& cplSiteName &

Qualcomm Looks to Soften China Antitrust Blow

Robert Clark
News Analysis
Robert Clark
7/25/2014
50%
50%

Chipset giant Qualcomm faces a hefty fine and a cut in royalty fees as the antitrust probe into its China patent licensing reaches its final stage.

After an eight-month inquiry, the National Development and Reform Commission (NDRC) has determined that Qualcomm Inc. (Nasdaq: QCOM)'s 4G licensing fees are a monopoly under the Anti-Monopoly Law. This is not illegal in itself, but the logic of the process is such that a stiff penalty is inevitable, with domestic media suggesting it could amount to as much as US$1 billion.

The San Diego-based chipmaker, which derives two-thirds of its profit from royalties and sells significant volumes of its processors in China, also appears to have come around to that view. (See Qualcomm Announces Record Third Quarter Fiscal 2014 Results.)

CEO Steve Mollenkopf flew into Beijing Thursday on his third visit to the country since becoming CEO in March. He met with officials, including Premier Li Keqiang and the NDRC, and held a press conference to announce a $150m fund to invest in Chinese startups. Just three weeks ago the company said it would collaborate with Shanghai fab SMIC on 28nm wafer production. (See Qualcomm Commits Up To $150 Million to Strategic Venture Fund in China and SMIC and Qualcomm Collaborate on 28nm Wafer Production in China.)


For more communications processor market coverage and insights, check out our dedicated Comms Chips content channel here on Light Reading.


If Qualcomm feels like it has a target on its back, it isn’t alone among foreign firms in China. In 2013 milk powder companies were fined $110 million for price-fixing, while pharmaceuticals firm GlaxoSmithKline is embroiled in a bribery scandal featuring a sex tape involving its former China chief, and even Starbucks has come under fire for selling expensive coffee.

But analysts point out that while xenophobia may not be far from the surface, high-profile foreign firms are being singled out as a politically safe way of signalling to domestic companies that they need to clean up their act.

IN addition, the Chinese also feel they have a reasonable case against Qualcomm. The say that, as a rule of thumb, patent licensing fees for various technologies shouldn't cumulatively account for more than 10% of the sale price: Qualcomm on its own levies a 5% royalty fee.

Qualcomm has said the uncertainty created by the probe has meant it has had difficulty in collecting from customers -- including one large, unnamed firm -- prompting a 6.65% slide in its stock price Thursday to end the day at $76.17.

If that's not troubling enough, the Financial Times reports that Qualcomm might have to settle by foregoing royalties for LTE TDD, the variant of 4G being deployed on a massive scale by China Mobile Ltd. (NYSE: CHL) and in some areas by the country's other two main operators. (See China Issues More 4G Licenses and China Holds Key to LTE TDD.)

Chinese critics point out this isn't Qualcomm's first brush with competition law. In 2009 the Korean competition regulator fined Qualcomm a record $207 million for abusing its market power over Korean vendors when it held 99.4% of the CDMA chip market.

Meanwhile, Qualcomm continues to produce healthy financial results. For its fiscal third quarter that ended June 29, the company posted record revenues of $6.81 billion, up 9% from a year earlier, and net income of $2.24 billion, up 42%.

— Robert Clark, contributing editor, special to Light Reading

(4)  | 
Comment  | 
Print  | 
Newest First  |  Oldest First  |  Threaded View        ADD A COMMENT
R Clark
50%
50%
R Clark,
User Rank: Blogger
7/28/2014 | 8:44:32 AM
Re: QCOM Antitrust article
Thanks for the clarification @QCOM1. In my story I did try to suggest the enthusiasm of the China media both for the probe and the widely-embraced figure of US$1bn.  The NDRC never takes calls from foreign media, and the Qualcomm CEO declined to take any questions on the matter at his Beijing presser, so I didn't bother reaching out to either party to check the figures.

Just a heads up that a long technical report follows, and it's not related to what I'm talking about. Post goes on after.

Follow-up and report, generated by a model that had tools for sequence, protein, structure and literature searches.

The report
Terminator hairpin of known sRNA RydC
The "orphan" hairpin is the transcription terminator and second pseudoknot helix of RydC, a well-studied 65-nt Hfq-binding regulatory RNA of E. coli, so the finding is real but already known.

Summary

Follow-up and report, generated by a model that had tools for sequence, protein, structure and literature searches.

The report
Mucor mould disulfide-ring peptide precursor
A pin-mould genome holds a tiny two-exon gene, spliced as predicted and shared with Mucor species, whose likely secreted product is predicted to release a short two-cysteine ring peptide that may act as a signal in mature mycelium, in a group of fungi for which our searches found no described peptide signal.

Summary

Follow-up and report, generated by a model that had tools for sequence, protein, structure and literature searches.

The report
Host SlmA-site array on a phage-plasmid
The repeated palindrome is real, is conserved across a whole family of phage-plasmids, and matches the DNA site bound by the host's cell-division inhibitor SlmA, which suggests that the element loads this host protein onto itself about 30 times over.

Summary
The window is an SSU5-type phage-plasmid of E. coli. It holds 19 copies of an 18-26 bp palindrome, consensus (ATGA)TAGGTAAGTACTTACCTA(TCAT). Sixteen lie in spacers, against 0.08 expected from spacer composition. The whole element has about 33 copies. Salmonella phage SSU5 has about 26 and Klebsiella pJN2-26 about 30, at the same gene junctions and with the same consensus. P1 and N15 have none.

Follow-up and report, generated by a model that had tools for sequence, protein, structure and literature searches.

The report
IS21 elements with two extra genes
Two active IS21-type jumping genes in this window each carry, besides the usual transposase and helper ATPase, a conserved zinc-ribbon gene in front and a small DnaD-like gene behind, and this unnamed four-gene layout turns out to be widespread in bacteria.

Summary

danielcawrey
50%
50%
danielcawrey,
User Rank: Light Sabre
7/26/2014 | 12:48:01 PM
Re: QCOM Antitrust article
Qualcomm has done quite well in charging high fees for its intellectual property. It almost seems as if the Chinese government in partiuclar is not happy with that. 

It's also pretty clear that the state-run Chinese companies that use Qualcomm's technology that they would love to get a hold of it to better compete on costs - a influential factor in all of this for sure. 
kq4ym
50%
50%
kq4ym,
User Rank: Light Sabre
7/26/2014 | 8:57:00 AM
Re: QCOM Antitrust article
All the news about governments going after foreign firms for all sorts of alleged wrong doing and for using unfair business practices makes me wonder what's really  going on. Are the governmentss legitimately targeting these companies or is it a case of changing the rules during the game? One would think international companies and their lawyers would dot the "i" and cross the "t" before they engage. But, maybe it still a case that laws and business contracts are so complex now, that it's likely a government agency can find fault no matter how diligent the company lawyers?
QCOM1
50%
50%
QCOM1,
User Rank: Light Beer
7/25/2014 | 1:49:38 PM
QCOM Antitrust article
Re: QCOM  antitrust article

Yours and several articles suggest QCOM could face a "hefty fine... as much as US$1B..",  using  QCOM's revenue by geographical area  figure of about one half of its revenues being from China.

Last December you wrote on this subject, more realistically estimating that number--

"...  Officially, 49% of Qualcomm's 2012 revenue came from China, although most of that was from the assembly of chips sold elsewhere. In reality, the real figure is estimated to be around 20%...."

Per QCOM's  10K - " We distinguish revenues from external customers by geographic areas based on the location to which our products, software or services are delivered, or for QTL licensing revenues, the invoiced addresses of our licensees...."

I believe it's much less than 20%, perhaps $900 million in royalty revenue (200M devices, $150 ASP, and 3% royalty rate) plus another $1 in chipset sales to the domestic Chinese market.  This would yield about a $200 million penalty at the maximum 10% of revenue rate, not the $1 billion being floated around.